Post-grunge is a derivative of grunge and a style of alternative rock and hard rock that began in the 1990s. Originally, post-grunge was an almost pejorative label used to describe bands that emulated the grunge sound. During this time, bands like Bush, Candlebox and Collective Soul were viewed as post-grunge.
In the late 1990s, post-grunge morphed into a more clearly defined style that married the sound and aesthetic of grunge with a more mainstream approach. Post-grunge rose to prominence in the 1990s and continued to remain popular in the 2000s. Post-grunge bands such as Foo Fighters, Puddle of Mudd, Staind, Nickelback, Creed and Matchbox Twenty all achieved mainstream success.
During the 1990s, a post-grunge sound emerged which emulated the attitudes and music of grunge, particularly its thick, distorted guitars, but with a more commercially accessible tone.Unlike a lot of early grunge bands, post-grunge bands often worked through major record labels and incorporated influences from a variety of musical genres including: jangle pop, pop punk, ska revival, alternative metal and classic rock. Post-grunge music tends to be in mid-tempo and is noted for having "a polished, radio-ready production". Grierson of About.com wrote that musically, post-grunge bands "split the difference between plaintive ballads and aggressive rockers, resulting in songs that combine the two extremes into a sad-eyed, propulsive middle ground".Post-grunge tends to feature the "...same kind of melody as...bubblegum pop" and pop song structures. Sometimes post-grunge music features both an electric guitar and an acoustic guitar playing simultaneously. Post-grunge tends to have production quality that is much higher and cleaner than grunge.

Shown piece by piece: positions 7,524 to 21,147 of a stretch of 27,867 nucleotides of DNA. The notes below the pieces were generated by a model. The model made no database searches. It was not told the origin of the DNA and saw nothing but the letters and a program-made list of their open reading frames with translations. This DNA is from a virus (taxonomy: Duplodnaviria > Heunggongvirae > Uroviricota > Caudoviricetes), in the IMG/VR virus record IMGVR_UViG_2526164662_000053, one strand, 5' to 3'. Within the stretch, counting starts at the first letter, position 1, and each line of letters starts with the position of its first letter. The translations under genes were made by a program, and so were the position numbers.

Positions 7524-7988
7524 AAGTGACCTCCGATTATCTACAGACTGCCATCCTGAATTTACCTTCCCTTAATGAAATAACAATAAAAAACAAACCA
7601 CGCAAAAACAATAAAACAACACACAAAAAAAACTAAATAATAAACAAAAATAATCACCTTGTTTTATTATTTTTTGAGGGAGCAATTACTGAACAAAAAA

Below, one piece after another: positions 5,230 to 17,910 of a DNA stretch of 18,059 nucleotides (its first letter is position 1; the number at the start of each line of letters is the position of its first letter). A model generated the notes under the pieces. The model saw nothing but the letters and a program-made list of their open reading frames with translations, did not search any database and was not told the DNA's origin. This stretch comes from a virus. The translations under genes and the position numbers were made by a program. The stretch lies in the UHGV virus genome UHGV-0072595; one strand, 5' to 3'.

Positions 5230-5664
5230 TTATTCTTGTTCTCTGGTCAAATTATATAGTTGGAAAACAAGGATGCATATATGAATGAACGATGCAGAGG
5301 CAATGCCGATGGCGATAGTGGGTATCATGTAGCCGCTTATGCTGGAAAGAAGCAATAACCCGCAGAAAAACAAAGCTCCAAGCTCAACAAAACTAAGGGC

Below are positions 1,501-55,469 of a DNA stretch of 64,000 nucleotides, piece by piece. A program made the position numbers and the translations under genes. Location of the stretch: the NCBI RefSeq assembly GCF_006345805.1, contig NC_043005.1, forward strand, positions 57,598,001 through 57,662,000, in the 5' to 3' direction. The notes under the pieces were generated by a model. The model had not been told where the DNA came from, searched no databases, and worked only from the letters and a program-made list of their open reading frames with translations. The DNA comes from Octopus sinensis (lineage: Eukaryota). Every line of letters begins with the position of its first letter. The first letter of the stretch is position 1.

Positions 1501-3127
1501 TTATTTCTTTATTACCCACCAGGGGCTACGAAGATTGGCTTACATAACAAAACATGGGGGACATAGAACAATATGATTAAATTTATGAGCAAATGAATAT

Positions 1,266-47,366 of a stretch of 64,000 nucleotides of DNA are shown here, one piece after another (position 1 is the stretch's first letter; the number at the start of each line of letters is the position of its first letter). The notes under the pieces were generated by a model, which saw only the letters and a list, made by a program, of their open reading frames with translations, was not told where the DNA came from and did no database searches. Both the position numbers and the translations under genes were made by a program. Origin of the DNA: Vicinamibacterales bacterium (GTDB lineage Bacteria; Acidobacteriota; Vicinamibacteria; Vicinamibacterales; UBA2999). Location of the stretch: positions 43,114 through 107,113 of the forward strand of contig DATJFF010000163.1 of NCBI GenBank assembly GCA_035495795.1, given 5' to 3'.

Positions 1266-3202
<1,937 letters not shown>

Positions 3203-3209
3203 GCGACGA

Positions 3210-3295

A "major rift" between grunge and post-grunge is in the lyrical substance of the music; grunge expressed emotion through loose metaphors or third-person narratives, while post-grunge was known for being direct and blunt. While describing lyrics that are common in post-grunge, Sasha Geffen of Consequence of Sound wrote that post-grunge "plunged directly into the "I." " Geffen wrote that most post-grunge songs that achieved mainstream success "call after a prospective or past companion in the first person". Post-grunge lyrics also tend to be about topics such as relationships, romance and drug addiction. According to Geffen, "grunge's frontmen posed with their addictions; post-grunge's songwriters sought redemption for them". Geffen states that post-grunge songs "fit the mold of songs made for...teenage and pre-teen girls" who were "longing for a distant someone", and the songs "wore signs of femininity" which she posits may be why the "...post-grunge moment pissed off so many angry dudes." According to Geffen, artists such as Alanis Morissette, No Doubt and Sarah McLachlan all "crystallized the songwriting strategy that would form the emotional core of the post-grunge moment".
Post-grunge is a derivative of Grunge that emerged in the mid-1990s with bands such as Live, Bush, and Foo Fighters. Although it adopted the vocal style, angsty lyrics, and "dirty" guitar sound of grunge, the songwriting placed more emphasis on pop hooks and conventional song structures. It became one of the leading popular music genres from the mid-1990s to the mid-2000s, particularly following the death of Nirvana lead singer Kurt Cobain in 1994. In the late 1990s and early 2000s, the genre reached its peak in popularity with the rise of such bands as Creed and Nickelback.
|01||Undeniable||Better Than Ezra||03:25|
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|03||Angels or Devils||Dishwalla||04:03|
|05||Bearing Witness||Collective Soul||03:35|